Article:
By The Pains Of Being Pure At Heart
When new bands go around being compared to MBV or the Mary Chain, you pop the disc in the player in the expectation of a nice, chugging wall of noise with a bit of dark brooding lyricism thrown over the top to add colour (well, black isn't actually a colour, but you get the picture). And OK, in fairness to the Pains of Being Pure at Heart, this is essentially what you get with flip side 'Ramona,' a single riff churned out without much variation, albeit with a splash of organ, and a bit of moody libretto-by-numbers.
But with this band - and on 'Young Adult Friction' in particular - you get a genuine sense of joy that marks them apart from the loud, miserable bastards. For a start, it begins with a groovy kick drum and, when they arrive, those frenetic guitars actually glide around a bit. So does the lead singer, as I recall from his live performance, and so should you if you're a couple of milds to the good, and lucky enough to find this blissfully insistent four minute nugget being spun down at the independent discotheque.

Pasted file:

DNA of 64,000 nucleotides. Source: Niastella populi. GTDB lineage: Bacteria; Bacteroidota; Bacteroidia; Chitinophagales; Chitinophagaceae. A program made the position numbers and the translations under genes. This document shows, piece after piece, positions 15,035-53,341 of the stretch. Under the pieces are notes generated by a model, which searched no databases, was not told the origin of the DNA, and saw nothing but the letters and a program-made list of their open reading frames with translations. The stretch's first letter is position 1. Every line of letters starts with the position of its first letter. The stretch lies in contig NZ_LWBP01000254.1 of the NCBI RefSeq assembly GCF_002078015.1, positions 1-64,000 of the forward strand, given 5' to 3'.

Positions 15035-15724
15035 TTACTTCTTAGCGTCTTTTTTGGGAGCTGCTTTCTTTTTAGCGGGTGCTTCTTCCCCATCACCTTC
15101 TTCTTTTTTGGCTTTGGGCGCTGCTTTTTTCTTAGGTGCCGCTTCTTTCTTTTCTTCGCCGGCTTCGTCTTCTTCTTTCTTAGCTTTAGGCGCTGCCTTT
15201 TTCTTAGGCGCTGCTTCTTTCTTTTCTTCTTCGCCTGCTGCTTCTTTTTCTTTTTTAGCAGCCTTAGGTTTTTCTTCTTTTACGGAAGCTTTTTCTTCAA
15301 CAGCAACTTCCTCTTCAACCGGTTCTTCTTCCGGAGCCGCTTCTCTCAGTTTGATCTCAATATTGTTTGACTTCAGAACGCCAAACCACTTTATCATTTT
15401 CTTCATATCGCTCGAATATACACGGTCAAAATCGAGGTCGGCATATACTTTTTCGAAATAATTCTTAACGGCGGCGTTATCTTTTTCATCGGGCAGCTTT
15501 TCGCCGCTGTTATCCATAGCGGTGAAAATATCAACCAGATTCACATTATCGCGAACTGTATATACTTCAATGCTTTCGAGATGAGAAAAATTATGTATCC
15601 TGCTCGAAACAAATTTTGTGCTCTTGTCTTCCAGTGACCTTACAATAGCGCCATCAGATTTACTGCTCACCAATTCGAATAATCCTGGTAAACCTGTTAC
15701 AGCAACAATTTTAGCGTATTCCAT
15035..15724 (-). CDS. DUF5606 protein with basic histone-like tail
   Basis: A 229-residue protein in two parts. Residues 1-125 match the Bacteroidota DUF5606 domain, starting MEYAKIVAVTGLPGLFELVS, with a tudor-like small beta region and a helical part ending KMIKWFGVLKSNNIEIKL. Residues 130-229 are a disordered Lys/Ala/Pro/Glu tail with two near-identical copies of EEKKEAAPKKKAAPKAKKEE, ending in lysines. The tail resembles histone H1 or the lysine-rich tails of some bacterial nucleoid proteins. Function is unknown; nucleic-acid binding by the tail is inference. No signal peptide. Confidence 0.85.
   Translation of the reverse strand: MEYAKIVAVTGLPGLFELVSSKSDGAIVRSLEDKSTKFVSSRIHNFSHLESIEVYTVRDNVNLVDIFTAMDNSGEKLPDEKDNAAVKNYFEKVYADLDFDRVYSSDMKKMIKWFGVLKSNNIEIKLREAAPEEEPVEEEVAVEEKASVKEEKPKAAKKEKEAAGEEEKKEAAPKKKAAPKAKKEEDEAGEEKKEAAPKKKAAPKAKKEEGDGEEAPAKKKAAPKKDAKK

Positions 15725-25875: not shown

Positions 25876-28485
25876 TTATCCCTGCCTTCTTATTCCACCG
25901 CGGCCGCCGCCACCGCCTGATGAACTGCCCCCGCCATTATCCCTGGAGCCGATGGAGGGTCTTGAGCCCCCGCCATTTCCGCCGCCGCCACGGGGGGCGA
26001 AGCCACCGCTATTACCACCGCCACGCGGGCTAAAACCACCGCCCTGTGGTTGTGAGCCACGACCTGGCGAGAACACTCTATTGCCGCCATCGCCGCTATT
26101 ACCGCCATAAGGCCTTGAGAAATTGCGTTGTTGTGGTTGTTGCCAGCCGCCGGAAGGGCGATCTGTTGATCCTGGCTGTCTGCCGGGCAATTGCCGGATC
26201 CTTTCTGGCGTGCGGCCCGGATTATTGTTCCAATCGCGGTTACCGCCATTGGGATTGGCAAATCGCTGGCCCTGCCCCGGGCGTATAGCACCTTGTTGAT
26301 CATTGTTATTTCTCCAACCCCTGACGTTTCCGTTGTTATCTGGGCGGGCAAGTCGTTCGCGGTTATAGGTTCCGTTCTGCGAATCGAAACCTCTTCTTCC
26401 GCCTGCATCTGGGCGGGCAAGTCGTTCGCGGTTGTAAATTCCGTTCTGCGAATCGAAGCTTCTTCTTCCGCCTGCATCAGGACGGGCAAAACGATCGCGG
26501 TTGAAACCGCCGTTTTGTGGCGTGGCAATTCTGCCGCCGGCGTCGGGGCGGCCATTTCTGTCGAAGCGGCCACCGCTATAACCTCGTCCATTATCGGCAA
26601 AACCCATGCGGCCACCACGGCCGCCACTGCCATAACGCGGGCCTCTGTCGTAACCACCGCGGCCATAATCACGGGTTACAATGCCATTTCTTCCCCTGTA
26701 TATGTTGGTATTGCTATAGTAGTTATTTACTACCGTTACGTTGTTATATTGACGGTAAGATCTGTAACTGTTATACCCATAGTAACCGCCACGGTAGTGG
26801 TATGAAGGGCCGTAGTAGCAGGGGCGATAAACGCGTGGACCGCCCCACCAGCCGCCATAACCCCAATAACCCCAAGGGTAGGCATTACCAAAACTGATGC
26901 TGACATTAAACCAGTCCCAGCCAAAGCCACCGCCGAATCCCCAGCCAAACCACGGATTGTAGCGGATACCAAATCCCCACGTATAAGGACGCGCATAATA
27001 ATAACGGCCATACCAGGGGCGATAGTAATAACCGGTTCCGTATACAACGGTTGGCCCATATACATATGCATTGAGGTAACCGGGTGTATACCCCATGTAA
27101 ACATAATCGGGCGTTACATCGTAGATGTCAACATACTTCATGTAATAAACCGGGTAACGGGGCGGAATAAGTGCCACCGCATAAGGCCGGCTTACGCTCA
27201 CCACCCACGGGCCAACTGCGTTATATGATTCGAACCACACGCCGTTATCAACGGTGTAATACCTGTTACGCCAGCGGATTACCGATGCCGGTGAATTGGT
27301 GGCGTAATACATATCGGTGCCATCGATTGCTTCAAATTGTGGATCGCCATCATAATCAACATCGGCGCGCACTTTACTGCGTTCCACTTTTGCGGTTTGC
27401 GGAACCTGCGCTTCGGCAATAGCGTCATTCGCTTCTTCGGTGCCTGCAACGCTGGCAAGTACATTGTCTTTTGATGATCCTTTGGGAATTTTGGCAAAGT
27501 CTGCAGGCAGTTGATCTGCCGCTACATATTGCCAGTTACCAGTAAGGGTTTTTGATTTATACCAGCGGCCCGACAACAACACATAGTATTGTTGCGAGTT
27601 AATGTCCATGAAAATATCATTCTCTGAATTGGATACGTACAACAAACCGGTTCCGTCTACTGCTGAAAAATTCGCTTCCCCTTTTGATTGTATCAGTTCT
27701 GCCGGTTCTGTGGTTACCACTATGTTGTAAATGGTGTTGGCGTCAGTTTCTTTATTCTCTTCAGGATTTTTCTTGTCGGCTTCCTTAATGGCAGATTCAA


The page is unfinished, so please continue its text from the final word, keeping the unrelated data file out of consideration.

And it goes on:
The slightly fragile clarity of vocalist Kip Berman is reminiscent of a superior version of BSP's occasional stand-in, Hamilton. Although this is possibly because the melody seems to chime with that of last year's fondly remembered 'No Lucifer.' But, that said, the harmonies of bandmate Peggy Wang come straight from Asobi Seksu's soaring heights. The positivism of the combination makes a potentially regretful tale of casual fumblings in the public library (where else?) seem like a thrilling romp of youthful energy. Though the repeated fade of 'Don't check me out!' suggests otherwise, I'd recommend you do anything but take their advice.